Write for Rights: Why I Write Letters to Strangers Once a Year

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I LEARNED ABOUT WRITE FOR RIGHTS (W4R), the world’s largest letter-writing campaign, organized by Amnesty International (AI), a few years ago through social media (I was nicely surprised to find out a friend I used to race bikes with back in California ran this amazing program).

AI being a human rights organization, this campaign focuses on seeking justice in cases of human rights violations. AI chooses a number of specific cases (this year there are eleven cases, but one got resolved before the campaign started, so now, ten). AI provides you with a summary of the cases and what actions they are asking for, as well as sample letters and addresses for the people who have the power to make the actions happen, and contact information for the people, people’s families, or communities involved so that you can send a note of support and solidarity. AI also provides a guide for teachers who want to get their students involved.

I was drawn to the project for a number of reasons:

It’s something specific I can do to support a positive change in the world.

Speaking out against injustice and supporting someone who is fighting the good fight or is unfairly incarcerated or harassed: Yes, that is something I readily get behind and AI provides a simple, trustworthy, and direct path to transform my interest in social justice to action.

It’s personal. 

Through W4R, you often get to write directly to people, families, or communities that are suffering an injustice, most times a heartbreakingly horrific injustice, and let them know they’re not alone, and that people, strangers all over the world, see them and are reaching out on their behalf, and sending their support. This my favorite part of W4R, making that connection. Sometimes writing directly to the people involved isn’t possible, depending on the specifics of the case, but there’s always a way to express your solidarity.

It’s physical.

You have the opportunity to write directly to people in charge, and ask for them to use their powers for good. I fully accept that the presidents of Kenya and South Africa and the Director General of Police in Chhattisgarh, India, are not going to personally read the letters I send, but I do know that I will add to the thousands of pieces of mail that are flooding in to them because of this campaign. My letter will stand with heaps of other letters to let them know we’re watching.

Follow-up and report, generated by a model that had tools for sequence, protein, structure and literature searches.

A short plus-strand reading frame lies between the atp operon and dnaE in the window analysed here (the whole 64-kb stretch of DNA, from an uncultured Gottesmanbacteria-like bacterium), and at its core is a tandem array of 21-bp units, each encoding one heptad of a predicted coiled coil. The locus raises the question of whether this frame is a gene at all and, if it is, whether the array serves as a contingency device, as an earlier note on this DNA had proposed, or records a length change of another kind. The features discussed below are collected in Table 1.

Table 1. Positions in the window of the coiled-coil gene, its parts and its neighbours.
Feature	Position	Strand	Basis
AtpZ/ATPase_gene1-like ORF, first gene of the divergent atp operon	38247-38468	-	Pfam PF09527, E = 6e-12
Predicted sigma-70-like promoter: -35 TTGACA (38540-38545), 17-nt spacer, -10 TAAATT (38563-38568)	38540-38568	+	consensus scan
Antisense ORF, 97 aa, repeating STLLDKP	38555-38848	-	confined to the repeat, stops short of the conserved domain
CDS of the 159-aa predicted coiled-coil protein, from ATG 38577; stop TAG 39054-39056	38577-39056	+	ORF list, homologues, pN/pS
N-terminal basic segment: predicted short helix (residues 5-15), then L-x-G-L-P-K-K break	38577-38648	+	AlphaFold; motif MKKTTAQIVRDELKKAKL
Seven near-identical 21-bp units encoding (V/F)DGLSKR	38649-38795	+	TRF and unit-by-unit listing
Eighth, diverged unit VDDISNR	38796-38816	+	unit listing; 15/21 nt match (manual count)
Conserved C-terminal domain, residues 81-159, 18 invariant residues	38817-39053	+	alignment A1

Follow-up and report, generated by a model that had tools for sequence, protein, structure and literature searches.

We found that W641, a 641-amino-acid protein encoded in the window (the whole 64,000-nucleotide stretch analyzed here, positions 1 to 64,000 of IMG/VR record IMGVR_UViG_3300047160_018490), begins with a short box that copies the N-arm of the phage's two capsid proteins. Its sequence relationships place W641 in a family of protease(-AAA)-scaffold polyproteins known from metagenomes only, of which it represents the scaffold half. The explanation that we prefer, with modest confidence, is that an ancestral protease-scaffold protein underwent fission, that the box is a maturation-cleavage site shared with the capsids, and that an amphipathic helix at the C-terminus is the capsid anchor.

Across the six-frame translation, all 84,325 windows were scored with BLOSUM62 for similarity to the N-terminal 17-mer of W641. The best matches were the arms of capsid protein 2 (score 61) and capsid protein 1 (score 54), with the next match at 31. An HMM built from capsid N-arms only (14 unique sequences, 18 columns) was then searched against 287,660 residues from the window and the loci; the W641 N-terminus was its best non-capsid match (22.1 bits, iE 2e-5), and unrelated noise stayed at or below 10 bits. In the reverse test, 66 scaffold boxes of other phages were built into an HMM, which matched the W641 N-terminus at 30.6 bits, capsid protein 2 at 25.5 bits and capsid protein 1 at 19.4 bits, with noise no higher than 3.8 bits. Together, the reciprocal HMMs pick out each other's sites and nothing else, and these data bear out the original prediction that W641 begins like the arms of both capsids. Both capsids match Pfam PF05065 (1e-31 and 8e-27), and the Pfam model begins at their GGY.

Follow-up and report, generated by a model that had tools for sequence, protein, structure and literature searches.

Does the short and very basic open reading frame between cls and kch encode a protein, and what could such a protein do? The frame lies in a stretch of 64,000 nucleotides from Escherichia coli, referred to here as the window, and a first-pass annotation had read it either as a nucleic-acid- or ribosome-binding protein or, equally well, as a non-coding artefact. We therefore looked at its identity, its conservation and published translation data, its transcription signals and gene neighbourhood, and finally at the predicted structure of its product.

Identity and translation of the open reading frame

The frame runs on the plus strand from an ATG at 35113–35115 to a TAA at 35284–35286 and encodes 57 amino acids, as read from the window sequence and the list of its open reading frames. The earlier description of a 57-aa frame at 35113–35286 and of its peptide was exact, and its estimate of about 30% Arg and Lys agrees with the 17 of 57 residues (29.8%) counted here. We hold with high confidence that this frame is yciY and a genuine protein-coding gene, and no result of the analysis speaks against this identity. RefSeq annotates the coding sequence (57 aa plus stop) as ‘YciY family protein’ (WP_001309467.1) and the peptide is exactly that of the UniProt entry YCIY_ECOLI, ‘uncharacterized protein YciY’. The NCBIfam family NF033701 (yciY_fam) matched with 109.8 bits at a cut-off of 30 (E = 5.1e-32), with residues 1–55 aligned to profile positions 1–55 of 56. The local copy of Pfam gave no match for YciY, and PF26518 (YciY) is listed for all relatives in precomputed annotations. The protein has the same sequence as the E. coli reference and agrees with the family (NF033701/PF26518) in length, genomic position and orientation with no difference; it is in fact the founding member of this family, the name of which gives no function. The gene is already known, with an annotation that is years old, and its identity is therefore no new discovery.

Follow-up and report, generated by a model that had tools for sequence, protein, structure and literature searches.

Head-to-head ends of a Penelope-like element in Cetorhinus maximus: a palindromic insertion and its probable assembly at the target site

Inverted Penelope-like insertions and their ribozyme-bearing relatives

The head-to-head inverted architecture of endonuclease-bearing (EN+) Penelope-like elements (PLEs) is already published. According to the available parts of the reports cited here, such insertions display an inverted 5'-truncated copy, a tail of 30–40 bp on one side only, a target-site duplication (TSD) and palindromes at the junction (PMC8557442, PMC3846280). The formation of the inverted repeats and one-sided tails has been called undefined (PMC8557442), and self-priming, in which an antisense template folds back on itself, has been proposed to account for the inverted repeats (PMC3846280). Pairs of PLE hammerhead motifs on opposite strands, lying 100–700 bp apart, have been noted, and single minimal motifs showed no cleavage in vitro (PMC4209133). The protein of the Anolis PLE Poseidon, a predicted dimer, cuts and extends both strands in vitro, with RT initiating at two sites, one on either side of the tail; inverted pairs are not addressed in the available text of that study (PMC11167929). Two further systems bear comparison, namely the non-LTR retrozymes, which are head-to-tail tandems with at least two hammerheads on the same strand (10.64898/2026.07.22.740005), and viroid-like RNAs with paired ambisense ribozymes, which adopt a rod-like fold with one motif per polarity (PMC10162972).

It’s educational.

The cases are often about something larger than the person, people, or communities the action is about; through learning about a specific situation, I learn something about a broader issue I wasn’t aware of before. And I learn about the details of what someone in that situation experiences. It makes the realities of these hardships relatable. They aren’t a number or statistic. This is a person, leading a life, with family members, friends, a community, and here are the awful circumstances they are experiencing. That is powerful.

It’s effective.

These cases dive into situations that are difficult to right. They deal with powerful government, business, or cultural entities that are violating the rights of people or communities that are in positions of little or no power. Commonly, cases center on issues around racism, sexism, land rights, and suppressing freedom of expression. Sometimes I read about what these people or groups are up against, and I feel that horrible feeling of hopelessness. But I write and send my letter–because it’s something. And something is better than nothing. And raising awareness is always valuable. And sometimes, it works!

And that lifts my spirit and I get choked up knowing that something good happened to someone in a a very bad situation, a situation they may have been in for years, and I got to be a very small part of that change for the better. I’m reminded that a collective voice is powerful, and sometimes things do change for the good when those voices unite.

It’s really, really easy! 

AI makes this effort incredible easy. All you do is register, write and send your letters and messages (there are a number of social media and email options, in addition to physical addresses), and report your actions. If you’re pressed for time, you can literally print out the sample letters and the mailing addresses, put the letter in an envelope and the label on the outside, stick on a stamp, and mail it. However, AI does encourage people to write their own letters, as it’s more effective. To help, they provide tips on how to write an effective appeals letter.

You Have Until 31 January 2019

The campaign is ongoing until the end of the month, so you still have time to participate. Please join me and let me know about your W4R experience.

 

 

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